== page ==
Investment Theory of Capital Flow Analysis: Corporate executives, the asset-lite movement and return on equity.

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Corporate Executives, the Asset-Lite Movement and Return on Equity Investment Theory: The Asset-Lite Movement and ROE

The Asset-Lite Movement

On May 11, 2020, at the apex of the Great Stock Bubble, Joseph Albaugh, President (Space and Communications) of The Boeing Company, spoke at the AIAA Global Air and Space Conference, reminding fellow executives of the significance of asset-lite management:

First if you look at business today, businesses are not rewarded for asset-heavy endeavors. … Today businesses are rewarded for transforming raw information into usable data … and for increasing the efficiency of so-called transactional activity – searching for information, coordinating events, and monitoring performance. This kind of business is inherently asset-light and it's very different from many of ours.

A sociological clue to the Great Bubble.

We note this particular executive’s speech, not because it merits special praise or criticism, but as an exemplar of business thinking of the time — a sociological clue to the Great Bubble.

Mr. Albaugh’s phrase, 'businesses are not rewarded', touches one of the sensitive spots in asset-lite thinking.

It was not so much that businesses — i.e., shareholders — might be deprived of profits or sales, but that business executives might miss out on rich stock options, bonuses, and the acclaim of Wall Street.

McKinsey, Enron, and the Asset-Lite Movement

Addled notions about what is good-for-business contributed to the fantasy of speculators who crowded the equity markets.

Among the most ardent drummers in the asset-lite movement was McKinsey & Co., premier consultants to big business and intimately linked to the intellectual design of the Enron Corporation.

Moving production from the power plant to the trading desk.

In Enron’s case, asset-lite meant moving production from the power plant to the trading desk – what Boeing’s Mr. Albaugh might have meant by 'increasing the efficiency of … transactional activity'.

Jeffrey Skilling, a top graduate at Harvard Business School, had succeeded as a partner of McKinsey before becoming CEO at Enron.

David Campbell, a principal in McKinsey’s Dallas office, and Ron Hulme, a director in the firm’s Houston office that worked on the Enron account, wrote in 'The McKinsey Quarterly, 2001':

Enron has built a reputation as one of the world’s most innovative companies by attacking and atomizing traditional industry structures – first in natural gas and later in such diverse businesses as electric power, Internet bandwidth, and pulp and paper.
In each case, Enron focused on the business sliver of intermediation, while avoiding the incumbency problems created by a large asset base and vertical integration.
Enron no longer produces oil and gas in the United States, no longer owns an electric utility, and has never held a large investment in telecom networks. Yet it is a leading value creator in each of these industries.

This article appeared only months before Enron entered into what was, at the time, the largest bankruptcy in American history.

Asset-lite, as suggested by McKinsey executives, meant 'avoiding the incumbency problems created by a large asset base and vertical integration'.

However, as Enron was soon to demonstrate, those who benefited from this apparent efficiency were not the company’s employees, suppliers, creditors, or long-term investors, but rather its managers.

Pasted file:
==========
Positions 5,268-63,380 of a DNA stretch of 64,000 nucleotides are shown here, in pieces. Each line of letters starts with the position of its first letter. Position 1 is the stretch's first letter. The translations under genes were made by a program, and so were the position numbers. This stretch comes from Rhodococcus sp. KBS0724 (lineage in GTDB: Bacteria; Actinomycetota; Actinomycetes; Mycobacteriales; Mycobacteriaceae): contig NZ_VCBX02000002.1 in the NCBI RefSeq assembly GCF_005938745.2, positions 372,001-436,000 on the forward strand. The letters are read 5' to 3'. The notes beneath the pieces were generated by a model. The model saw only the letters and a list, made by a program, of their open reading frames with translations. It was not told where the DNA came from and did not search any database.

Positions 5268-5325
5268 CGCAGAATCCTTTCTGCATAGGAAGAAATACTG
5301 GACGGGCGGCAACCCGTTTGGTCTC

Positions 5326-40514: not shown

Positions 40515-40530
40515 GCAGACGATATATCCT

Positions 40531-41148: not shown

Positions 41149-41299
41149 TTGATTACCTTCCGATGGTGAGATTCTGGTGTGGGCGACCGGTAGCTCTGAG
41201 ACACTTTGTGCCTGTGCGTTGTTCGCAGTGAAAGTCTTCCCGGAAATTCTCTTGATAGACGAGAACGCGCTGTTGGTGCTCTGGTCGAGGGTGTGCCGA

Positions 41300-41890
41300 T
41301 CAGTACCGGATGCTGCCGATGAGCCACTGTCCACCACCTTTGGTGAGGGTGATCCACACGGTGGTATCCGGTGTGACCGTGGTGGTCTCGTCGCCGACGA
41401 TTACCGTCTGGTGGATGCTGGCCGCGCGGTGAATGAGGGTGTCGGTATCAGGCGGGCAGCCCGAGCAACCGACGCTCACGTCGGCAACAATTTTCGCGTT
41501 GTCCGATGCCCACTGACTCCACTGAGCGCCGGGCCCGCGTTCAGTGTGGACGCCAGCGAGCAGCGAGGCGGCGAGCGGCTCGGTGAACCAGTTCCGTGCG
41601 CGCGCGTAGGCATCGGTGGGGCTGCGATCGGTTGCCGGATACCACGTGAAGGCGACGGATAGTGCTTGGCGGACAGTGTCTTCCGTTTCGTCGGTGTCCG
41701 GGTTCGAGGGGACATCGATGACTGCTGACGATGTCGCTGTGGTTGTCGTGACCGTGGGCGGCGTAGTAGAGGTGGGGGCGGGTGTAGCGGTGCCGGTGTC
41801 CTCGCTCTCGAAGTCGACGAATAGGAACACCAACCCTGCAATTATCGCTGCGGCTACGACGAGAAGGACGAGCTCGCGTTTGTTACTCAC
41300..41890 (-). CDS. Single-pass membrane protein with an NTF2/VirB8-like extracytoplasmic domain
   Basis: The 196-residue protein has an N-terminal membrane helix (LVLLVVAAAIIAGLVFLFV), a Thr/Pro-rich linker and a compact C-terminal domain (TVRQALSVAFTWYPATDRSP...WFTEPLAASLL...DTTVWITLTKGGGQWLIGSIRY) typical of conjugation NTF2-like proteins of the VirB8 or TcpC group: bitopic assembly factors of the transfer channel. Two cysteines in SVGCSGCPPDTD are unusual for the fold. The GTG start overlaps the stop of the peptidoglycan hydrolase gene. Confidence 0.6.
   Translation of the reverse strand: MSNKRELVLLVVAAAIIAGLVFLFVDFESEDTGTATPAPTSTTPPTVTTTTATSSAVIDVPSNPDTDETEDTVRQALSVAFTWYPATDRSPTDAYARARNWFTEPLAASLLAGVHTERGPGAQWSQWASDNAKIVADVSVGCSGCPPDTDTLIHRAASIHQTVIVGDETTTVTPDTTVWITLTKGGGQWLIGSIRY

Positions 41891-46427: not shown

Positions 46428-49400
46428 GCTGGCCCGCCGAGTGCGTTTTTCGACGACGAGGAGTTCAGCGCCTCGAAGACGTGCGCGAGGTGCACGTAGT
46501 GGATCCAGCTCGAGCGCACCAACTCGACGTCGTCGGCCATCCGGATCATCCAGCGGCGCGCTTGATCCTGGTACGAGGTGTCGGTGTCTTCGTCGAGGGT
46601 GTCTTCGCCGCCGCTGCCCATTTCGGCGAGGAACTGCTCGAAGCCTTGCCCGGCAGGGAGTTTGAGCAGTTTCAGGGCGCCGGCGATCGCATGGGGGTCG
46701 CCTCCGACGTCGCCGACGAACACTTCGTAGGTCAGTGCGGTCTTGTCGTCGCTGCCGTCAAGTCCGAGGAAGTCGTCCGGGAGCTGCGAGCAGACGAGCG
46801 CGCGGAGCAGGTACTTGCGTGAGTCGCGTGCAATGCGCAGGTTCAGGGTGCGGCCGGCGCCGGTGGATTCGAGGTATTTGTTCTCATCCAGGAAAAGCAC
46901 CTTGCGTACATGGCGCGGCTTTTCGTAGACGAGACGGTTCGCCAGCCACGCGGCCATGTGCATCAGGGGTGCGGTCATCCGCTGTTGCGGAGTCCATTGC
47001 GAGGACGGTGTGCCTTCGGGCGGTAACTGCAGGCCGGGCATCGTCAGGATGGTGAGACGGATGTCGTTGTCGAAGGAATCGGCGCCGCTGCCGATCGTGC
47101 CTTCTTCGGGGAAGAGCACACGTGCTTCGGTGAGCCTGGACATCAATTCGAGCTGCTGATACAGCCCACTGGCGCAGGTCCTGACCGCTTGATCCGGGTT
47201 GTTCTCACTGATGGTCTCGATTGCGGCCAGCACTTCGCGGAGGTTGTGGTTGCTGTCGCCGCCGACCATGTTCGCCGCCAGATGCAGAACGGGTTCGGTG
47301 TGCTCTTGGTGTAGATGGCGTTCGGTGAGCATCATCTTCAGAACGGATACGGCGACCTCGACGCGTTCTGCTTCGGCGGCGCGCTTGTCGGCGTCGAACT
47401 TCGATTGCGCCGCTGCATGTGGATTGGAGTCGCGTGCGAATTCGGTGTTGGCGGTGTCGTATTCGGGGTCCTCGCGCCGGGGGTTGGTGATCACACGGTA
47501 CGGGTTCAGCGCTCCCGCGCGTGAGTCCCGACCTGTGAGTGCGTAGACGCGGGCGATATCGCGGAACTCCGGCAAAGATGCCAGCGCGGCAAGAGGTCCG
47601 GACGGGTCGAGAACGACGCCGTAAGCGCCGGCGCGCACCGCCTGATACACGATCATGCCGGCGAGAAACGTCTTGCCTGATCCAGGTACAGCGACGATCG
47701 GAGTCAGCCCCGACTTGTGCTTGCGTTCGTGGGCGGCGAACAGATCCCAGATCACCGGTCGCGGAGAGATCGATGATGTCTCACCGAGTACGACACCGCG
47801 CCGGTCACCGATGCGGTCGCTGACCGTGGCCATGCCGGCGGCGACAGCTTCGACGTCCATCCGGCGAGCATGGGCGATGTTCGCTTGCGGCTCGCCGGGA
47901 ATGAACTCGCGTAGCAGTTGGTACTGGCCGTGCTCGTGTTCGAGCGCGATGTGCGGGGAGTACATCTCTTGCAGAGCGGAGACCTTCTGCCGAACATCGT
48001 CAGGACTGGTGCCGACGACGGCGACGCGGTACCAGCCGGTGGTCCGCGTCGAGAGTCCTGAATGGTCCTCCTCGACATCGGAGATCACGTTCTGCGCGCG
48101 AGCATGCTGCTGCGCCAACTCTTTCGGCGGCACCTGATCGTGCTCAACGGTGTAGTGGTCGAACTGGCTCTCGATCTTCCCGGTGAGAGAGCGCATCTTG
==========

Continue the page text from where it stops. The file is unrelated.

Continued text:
Enron became an archetypical example of the dead falls that line the asset-lite trail.

Indices Instead Of Money

During the Great Bubble, corporate executives asked to be judged not only by the market price of their stocks, but also by mathematical abstractions of uncertain validity that they could control and influence.

Merit measured in terms of stock prices is easy to counterfeit.

Merit measured in terms of manipulated stock prices and specious accounting is easier to counterfeit than the obvious reality of cash dividends honestly delivered into the hands of investors.

Strange as it may seem, this preposterous switcheroo of values – indices and illusion instead of money – was accepted by investors, long benumbed by the proclamations of the Nobel gods, the mysteries of GAAP, and the Common Stock Legend.

In addition to the dubious utility of unrealized paper profits embedded in total returns, there was another ethereal number that became important in confusing investors.

This proffered measure of performance was known from Wall Street to Main Street as return on investment (ROI) and was derived by dividing accounting profits by corporate net worth.

For the stock market, the relevant index was called return on equity (ROE).

Worshipping ROE

The higher the return on equity, the more shareholders would honor and praise executives.

If each year's book profits could be made to grow just a little, while equity accounts were shaved and diminished, managers could reap rewards from options and stock buybacks while earning respect as captains of efficient growth from conflicted fund managers, business school professors, and the financial press.

Stock buybacks and options were the dark side of the asset-lite movement.

This was the dark side of asset-lite management.

The ultimate corporate owners – long-term shareholders – received little that could be used as legal tender and stood on the sidelines, ignored and befuddled by glittering ratios and non-cash gains.

In North America and Europe in the 1980s and 1990s, the investment perceptions of stockholders and managers had long ago been molded by the prejudices of their fathers, grandfathers, and great grandfathers.

The beauty of the asset-lite proposition was that it seemed so logical and esthetically pleasing– a combination of modern pragmatic efficiency, Protestant-ethic frugality, and the elegance and simplicity of form that had dominated much of intellectual and artistic landscape of the twentieth century.